Aged more than 800 years: Hight 14 inches: trunk 5 inches in diametre.
From both ends of the trunk, the roots have grown up and made an arch,
so we call it 'Heiwa Mon' (Peace Arch)." (pg. 18)
Hight 29 inches: trunk 2 inches in diametre." (pg. 74)
Aged more than 80 years
Hight 29 inches: trunk 2 inches in diametre." (pg. 60)
Aged more than 50 years: Hight 22 inches" (pg. 96)
After the war, many of the blade-making areas began to develop their own bonsai tools
using Masakuni as the prototype. (In the decades that followed there would eventually be many hundreds of different
types of bonsai tools on the market to choose from.)
Murata was head between 1954 and 1960 of the Japan Union of Bonsai Growers, in
which capacity he contributed greatly to the cause of the art. He also was in charge of bonsai belonging to
some celebrities, such as one-time Japanese prime minister Shigeru Yoshida and the Imperial family Chichibuno-miya.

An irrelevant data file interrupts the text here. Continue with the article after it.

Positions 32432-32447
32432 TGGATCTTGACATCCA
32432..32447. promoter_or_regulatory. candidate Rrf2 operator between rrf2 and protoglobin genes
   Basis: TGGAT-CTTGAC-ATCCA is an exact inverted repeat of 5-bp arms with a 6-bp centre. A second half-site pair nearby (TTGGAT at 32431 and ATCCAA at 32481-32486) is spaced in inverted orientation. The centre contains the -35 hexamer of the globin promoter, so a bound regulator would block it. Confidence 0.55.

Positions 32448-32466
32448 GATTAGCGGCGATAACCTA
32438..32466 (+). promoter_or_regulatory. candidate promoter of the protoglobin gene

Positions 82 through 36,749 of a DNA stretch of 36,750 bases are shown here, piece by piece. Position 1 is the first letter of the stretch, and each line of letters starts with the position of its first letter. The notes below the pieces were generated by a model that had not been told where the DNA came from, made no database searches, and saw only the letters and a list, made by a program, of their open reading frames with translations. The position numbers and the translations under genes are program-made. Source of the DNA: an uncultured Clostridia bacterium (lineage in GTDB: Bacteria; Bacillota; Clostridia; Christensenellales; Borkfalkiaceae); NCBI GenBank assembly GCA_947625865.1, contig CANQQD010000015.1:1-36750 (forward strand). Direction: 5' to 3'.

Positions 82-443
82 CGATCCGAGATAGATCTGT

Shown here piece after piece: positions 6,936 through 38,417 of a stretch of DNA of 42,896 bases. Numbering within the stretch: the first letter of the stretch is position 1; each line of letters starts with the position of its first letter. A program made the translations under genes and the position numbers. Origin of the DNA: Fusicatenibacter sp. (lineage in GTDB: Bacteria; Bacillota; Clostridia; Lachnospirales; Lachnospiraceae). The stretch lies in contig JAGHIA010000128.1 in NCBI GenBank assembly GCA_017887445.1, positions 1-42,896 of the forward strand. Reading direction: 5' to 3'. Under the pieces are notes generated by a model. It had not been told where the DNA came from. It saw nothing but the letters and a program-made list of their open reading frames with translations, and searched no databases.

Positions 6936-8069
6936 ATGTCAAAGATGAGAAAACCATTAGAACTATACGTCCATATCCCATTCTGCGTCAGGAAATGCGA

(In 1957, the official suburb name of Bonsai-chō, lit. "Bonsai Town," was given to the precinct.)
Mr. and Mrs. Edward Holsten, two of the Brooklyn Botanic Garden's Trustees, returned from a world cruise in 1958 having procured a number of superior specimens from some of Japan's finest bonsai nurseries. This collection of trees was finally imported in 1961. Mr. and Mrs. Howard Phipps, Sr., also traveling to Japan in the 1950s, brought back several trees to start the collection that bears their name. Most of the high-ranking specimens in both collections came from Murata's Kyuka-en. 5